Seen from the perspective of a schlemiel like Gimpel or Motl, what does this mean? It would imply that they have no true friends. But that doesn’t keep them from trusting people. The comedy of the schlemiel is inherent in the fact that they still do trust people. It is the viewer, however, who might have the problem. The viewer is the one who might become cynical. Unlike Gimpel, he or she knows what its like to be laughed at.
Son House’s song speaks to them. It is a gestural response to being ridiculed. It is a response to the grin. The song actually addresses the wound a comic gesture may inflict on a person. His song, in this sense, is “universal” in scope insofar as everyone – at some time in his or her life – has been laughed at by people he or she thought were friends.
So, on the one hand we have the schlemiel, whose comedy exposes us to a ridicule that he or she cannot recognize; on the other hand, we have the viewer who does recognize this ridicule. On the one hand we have comedy; on the other hand, we have the comic blues. Both are sides of the same coin. And on the coin we find one thing: the grin.
Kafka noted the relationship of the grin to truth his December 11th entry in the his Third Octavio Notebook:
Our art is a way of being dazzled by truth: the light of the grotesquely grimacing retreating face is true, and nothing else.
For Kafka, the truth is not simply in the grinning face. It is in the movement of the grimacing face; it can be found in the retreat of a “grotesquely grimacing (grinning) face.” The fact that Kafka notes the retreat rather than the approach of the grimacing face is telling. It indicates that Kafka sees truth in the wake of ridicule.
We hear this in Son House’s song. He sings it to those who the grin has touched. We also hear it both Kakfa and Benjamin’s mediations on the “scribblings of children” which embody the grotesque grin. Kafka seems to be telling us that our truth, the truth of who we are, can be found in the withdrawal of ridicule.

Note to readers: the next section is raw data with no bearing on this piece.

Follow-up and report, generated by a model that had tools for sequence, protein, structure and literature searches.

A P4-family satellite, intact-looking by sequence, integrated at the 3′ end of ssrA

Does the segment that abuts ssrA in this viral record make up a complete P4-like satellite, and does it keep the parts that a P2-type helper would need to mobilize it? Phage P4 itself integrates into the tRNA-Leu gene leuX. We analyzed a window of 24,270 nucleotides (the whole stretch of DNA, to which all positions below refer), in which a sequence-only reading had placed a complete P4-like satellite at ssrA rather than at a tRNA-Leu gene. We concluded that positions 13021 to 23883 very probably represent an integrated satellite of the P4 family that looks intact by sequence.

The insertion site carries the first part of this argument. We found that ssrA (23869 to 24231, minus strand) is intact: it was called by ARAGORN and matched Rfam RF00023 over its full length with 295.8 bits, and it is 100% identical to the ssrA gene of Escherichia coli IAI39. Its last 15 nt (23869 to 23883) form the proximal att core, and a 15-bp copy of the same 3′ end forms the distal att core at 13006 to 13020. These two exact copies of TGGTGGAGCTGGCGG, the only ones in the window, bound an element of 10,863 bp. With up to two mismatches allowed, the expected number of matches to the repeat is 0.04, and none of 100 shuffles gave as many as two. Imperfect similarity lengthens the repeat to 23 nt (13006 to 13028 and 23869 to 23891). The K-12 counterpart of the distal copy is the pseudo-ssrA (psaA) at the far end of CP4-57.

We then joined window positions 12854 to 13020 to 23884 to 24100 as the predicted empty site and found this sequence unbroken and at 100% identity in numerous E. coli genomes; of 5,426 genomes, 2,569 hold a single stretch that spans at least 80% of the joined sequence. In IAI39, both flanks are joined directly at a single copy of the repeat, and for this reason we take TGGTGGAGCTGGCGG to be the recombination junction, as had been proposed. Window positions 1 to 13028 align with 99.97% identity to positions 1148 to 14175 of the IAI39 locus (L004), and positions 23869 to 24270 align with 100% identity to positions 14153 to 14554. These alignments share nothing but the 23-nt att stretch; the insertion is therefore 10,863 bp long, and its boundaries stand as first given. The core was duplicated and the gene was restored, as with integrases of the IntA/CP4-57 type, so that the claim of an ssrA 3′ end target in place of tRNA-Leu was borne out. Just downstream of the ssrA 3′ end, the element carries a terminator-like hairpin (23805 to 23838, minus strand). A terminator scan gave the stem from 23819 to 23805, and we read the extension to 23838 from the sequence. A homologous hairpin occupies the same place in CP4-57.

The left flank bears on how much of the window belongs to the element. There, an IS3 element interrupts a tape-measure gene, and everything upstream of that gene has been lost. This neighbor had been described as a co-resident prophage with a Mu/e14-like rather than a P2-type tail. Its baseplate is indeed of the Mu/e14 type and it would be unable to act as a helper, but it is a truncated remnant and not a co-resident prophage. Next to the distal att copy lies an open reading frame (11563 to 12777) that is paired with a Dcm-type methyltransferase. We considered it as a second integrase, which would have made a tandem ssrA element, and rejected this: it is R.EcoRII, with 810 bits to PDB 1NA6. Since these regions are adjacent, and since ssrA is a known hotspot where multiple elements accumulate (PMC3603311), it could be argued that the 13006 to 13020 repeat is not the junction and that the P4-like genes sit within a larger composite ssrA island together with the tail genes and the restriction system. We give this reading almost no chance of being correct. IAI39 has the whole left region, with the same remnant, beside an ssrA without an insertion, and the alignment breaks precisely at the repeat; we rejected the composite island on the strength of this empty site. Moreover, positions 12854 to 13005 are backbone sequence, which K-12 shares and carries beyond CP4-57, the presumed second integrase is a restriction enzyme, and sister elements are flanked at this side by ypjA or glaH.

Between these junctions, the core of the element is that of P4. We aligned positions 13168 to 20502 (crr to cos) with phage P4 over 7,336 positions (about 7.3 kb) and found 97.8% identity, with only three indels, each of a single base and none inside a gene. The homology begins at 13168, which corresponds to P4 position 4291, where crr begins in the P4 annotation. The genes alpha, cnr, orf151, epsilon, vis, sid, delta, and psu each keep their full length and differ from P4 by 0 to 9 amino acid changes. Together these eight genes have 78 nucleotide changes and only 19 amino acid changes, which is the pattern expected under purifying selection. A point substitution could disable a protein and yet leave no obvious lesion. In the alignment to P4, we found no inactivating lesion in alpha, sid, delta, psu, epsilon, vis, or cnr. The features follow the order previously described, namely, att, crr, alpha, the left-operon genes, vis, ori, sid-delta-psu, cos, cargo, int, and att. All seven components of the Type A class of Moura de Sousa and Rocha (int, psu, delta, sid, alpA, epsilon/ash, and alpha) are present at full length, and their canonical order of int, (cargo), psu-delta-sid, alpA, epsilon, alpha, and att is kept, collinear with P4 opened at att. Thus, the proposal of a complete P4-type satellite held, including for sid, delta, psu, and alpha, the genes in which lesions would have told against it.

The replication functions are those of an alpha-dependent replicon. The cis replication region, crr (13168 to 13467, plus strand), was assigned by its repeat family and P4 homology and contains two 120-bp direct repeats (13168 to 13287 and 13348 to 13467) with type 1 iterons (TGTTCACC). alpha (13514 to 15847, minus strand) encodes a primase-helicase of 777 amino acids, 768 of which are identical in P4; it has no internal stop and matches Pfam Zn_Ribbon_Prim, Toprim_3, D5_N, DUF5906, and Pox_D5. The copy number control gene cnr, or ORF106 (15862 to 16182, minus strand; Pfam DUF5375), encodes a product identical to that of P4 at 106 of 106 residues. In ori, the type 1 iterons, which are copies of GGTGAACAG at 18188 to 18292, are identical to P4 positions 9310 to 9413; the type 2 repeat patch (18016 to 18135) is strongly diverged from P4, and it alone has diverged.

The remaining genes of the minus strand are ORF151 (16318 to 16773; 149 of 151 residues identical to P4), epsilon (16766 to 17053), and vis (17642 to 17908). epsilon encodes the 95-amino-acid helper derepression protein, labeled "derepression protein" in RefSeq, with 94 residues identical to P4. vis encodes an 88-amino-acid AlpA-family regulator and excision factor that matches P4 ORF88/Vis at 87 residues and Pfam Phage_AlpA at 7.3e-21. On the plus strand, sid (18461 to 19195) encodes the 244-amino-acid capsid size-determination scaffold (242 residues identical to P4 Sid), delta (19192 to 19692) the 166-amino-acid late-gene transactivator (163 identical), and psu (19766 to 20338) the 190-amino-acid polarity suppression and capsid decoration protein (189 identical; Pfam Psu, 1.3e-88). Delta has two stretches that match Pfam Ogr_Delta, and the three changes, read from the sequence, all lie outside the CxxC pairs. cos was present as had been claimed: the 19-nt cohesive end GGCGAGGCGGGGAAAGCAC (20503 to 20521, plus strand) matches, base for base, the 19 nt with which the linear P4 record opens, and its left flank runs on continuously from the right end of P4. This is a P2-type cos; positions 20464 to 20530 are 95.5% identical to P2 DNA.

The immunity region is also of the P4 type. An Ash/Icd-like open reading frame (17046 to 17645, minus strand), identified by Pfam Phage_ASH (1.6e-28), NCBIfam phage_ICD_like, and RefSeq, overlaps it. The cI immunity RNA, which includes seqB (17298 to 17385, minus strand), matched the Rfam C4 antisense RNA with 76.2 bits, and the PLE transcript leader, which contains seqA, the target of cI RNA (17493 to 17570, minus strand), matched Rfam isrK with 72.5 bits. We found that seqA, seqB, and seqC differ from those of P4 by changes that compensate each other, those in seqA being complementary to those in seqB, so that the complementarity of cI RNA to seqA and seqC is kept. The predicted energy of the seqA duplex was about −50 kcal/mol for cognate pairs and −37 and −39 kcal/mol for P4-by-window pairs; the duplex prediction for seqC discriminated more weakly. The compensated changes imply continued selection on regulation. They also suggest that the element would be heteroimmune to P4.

This implies that the comedian who sees the audience grinning back at him or her has the best view of truth. This relationship, I would aver, is not a once in a lifetime thing. Kafka suggests that this gesture of comic withdrawal happens repeatedly.
This gesture has a lot in common with a childish scribble; however, the only difference is that a scribble remains inscribed while the grin comes and goes. Nonetheless, perhaps like Derrida, we can imagine the scribble as a trace which, in its iterability, is caught up in endless repetition…constantly ridiculing the totality of the text in withdrawing the text from itself. Perhaps the text, in this sense of being childish, comes and goes?
Regardless, Kafka understood that the relationship to the truth, which he associated with God, can only be related to comically…in the withdrawal of the grin or in the wake of “childish scribbles.”
On the other hand, a Preacher named Son House advises us “don’t mind people grinning in your face.” The purpose of this line is to give solace to the believer who, in his or her search for God and justice, will have to face ridicule. The question, for Son House, is what to think and how to cope with this ridicule. The question, for Kafka, deals with the meaning of ridicule as it retreats and leaves us powerless and weak.
Nonetheless, both of them see truth in the withdrawing face of laughter (in the wake of laughter). And perhaps this is a new, comic tradition, which emerges in the wake of God’s withdrawal or, as Kafka might say, in the wake of a withdrawing grin….